Berkeley Law is one of the nation’s premier law schools, located at one of the world’s great universities, in one of the most vibrant places on the planet.
Berkeley Law is one of 14 schools and colleges at the University of California, Berkeley. It is consistently ranked as one of the top law schools in the nation.
The law school has produced leaders in law, government, and society, including Chief Justice of the United States Earl Warren, Secretary of State of the United States Dean Rusk, American civil rights activist Pauli Murray, California Supreme Court Justice Cruz Reynoso, president and founder of the Equal Justice Society Eva Paterson, United States Northern District of California Judge Thelton Henderson, and Attorney General of the United States Edwin Meese.
|Director of admissions||Edward G. Tom|
|Application deadline||February 1|
|Approximate number of applications||5336|
|Tuition and fees Full-time:||$48,703 per year (in-state)
$52,654 per year (out-of-state)
|Room and board||$20,128|
A number of lawyers who regularly interview at Berkeley Law have told us that they sometimes have difficulty evaluating the academic records of our students or comparing them with those of students at other schools. This webpage attempts to address those concerns.
Students can receive one of five grades in courses at Berkeley Law: High Honors (HH), Honors (H), Pass (P), Pass Conditional/Substandard Pass (PC), or No Credit (NC). In first-year JD classes, the curve for honors grades is strict–the top 40 percent of the class receives honors grades, with 10 percent of the class receiving High Honors and the next 30 percent receiving Honors. There is no required curve for the grades of Pass and below, and faculty members are not required to give any Substandard Pass or No Credit grades. In second- and third-year classes, up to 45 percent of the class can receive honors grades, of which up to 15 percent of the class can receive High Honors. In small seminar classes, the curve still exists, but it is further relaxed. A very few courses are graded on a Credit (CR)/No Pass (NP) basis.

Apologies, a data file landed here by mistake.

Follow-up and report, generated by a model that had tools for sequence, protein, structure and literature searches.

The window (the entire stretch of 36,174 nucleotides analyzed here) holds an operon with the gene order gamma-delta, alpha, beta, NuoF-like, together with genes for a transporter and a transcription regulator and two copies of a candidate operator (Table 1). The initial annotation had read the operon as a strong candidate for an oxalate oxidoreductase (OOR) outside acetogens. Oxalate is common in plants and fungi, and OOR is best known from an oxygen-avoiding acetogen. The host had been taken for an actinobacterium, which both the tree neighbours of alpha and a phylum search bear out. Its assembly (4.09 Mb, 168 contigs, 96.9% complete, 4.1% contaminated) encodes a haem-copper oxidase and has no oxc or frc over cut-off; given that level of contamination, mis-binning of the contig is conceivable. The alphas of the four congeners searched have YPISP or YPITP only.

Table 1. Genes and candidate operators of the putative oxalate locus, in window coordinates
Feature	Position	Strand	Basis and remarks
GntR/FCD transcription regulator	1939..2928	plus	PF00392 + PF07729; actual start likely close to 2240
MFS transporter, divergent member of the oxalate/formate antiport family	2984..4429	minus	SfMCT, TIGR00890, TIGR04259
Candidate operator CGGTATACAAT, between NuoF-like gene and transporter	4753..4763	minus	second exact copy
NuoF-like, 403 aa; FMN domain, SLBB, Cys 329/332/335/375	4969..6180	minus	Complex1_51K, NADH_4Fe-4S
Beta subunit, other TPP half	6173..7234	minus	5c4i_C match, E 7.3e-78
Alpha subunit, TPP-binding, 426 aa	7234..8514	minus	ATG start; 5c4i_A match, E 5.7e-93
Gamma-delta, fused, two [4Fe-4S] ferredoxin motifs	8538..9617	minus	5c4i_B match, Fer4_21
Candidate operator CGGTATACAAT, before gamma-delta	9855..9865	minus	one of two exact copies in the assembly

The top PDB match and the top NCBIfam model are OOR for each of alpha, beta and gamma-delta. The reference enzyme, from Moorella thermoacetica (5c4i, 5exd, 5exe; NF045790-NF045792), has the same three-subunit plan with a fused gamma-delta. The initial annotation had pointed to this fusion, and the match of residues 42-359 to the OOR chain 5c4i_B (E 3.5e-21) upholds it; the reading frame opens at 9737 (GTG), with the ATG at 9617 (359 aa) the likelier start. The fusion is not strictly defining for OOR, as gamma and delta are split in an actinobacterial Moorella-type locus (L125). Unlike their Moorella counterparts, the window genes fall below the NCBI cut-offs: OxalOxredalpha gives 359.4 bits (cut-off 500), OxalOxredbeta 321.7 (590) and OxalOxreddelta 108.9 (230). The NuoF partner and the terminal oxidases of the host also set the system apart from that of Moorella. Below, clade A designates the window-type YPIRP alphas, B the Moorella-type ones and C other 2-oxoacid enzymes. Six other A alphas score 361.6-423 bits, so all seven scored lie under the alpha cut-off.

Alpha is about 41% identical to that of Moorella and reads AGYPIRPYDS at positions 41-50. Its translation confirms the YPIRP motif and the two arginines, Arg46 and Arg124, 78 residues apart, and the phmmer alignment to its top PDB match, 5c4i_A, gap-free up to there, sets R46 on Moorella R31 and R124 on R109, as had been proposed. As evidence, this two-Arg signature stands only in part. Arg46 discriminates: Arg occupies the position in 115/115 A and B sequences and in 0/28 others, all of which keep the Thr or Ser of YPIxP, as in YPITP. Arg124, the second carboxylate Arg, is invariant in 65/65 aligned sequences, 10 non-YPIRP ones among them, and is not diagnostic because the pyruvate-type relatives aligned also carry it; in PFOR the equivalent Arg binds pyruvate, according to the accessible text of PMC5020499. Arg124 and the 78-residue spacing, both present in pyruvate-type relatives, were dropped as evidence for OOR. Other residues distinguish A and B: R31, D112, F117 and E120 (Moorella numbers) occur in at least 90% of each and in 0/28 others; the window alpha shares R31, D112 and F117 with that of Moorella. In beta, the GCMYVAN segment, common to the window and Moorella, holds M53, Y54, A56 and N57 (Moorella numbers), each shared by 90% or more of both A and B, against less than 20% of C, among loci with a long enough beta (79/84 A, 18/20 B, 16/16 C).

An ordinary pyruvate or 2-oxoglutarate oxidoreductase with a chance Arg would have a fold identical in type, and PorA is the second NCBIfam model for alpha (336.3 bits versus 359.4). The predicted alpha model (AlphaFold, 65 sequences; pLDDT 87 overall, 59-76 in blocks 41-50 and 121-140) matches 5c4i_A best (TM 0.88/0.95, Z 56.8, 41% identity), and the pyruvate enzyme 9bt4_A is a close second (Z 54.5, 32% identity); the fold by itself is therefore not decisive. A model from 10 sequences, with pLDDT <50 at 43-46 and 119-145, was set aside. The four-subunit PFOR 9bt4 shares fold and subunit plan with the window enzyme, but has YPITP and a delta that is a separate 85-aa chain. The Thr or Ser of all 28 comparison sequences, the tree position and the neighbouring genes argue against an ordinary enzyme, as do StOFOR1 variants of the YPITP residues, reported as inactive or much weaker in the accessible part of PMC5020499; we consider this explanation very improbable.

Berkeley Law students are not ranked by their academic records. Nor do we calculate grade point averages (GPAs). Moreover, the grade ranges described above often do not make fine distinctions. A student who received a Pass grade, for example, may have done very strong or only minimally passing work. How then can employers make sense of Berkeley Law transcripts?
Here are some suggestions:
Students are graded on a curve, which strictly limits recognition for excellence. At Berkeley Law, the grading system has remained constant for more than 25 years. There has been no grade inflation, even though the credentials of our students–whether measured by undergraduate GPA, LSAT score, or prior life attainments–are far stronger than they were 25 years ago.
With a fixed curve and a talented student body, an Honors grade represents a substantial achievement and a High Honors grade an outstanding one. For internal purposes, the Berkeley campus translates both Honors and High Honors grades into its system as A’s. (However, if you receive a transcript which lists letter grades from a Berkeley Law student, please return it to the student and require that he or she provide a transcript from the law school Registrar’s Office, not from the main campus.)
A student with mostly Honors grades is doing excellent work in very competitive company. And a transcript with a rough mixture of Honors and Pass grades represents strong performance that would likely stand above the class median at schools of comparable quality.
Second, keep in mind that Berkeley Law’s student body is exceptionally strong. For example, the class that entered Berkeley Law in the fall of 2014 (i.e., the Class of 2017) had a median college GPA of 3.79, and a median LSAT score of 167 (in the 94th percentile).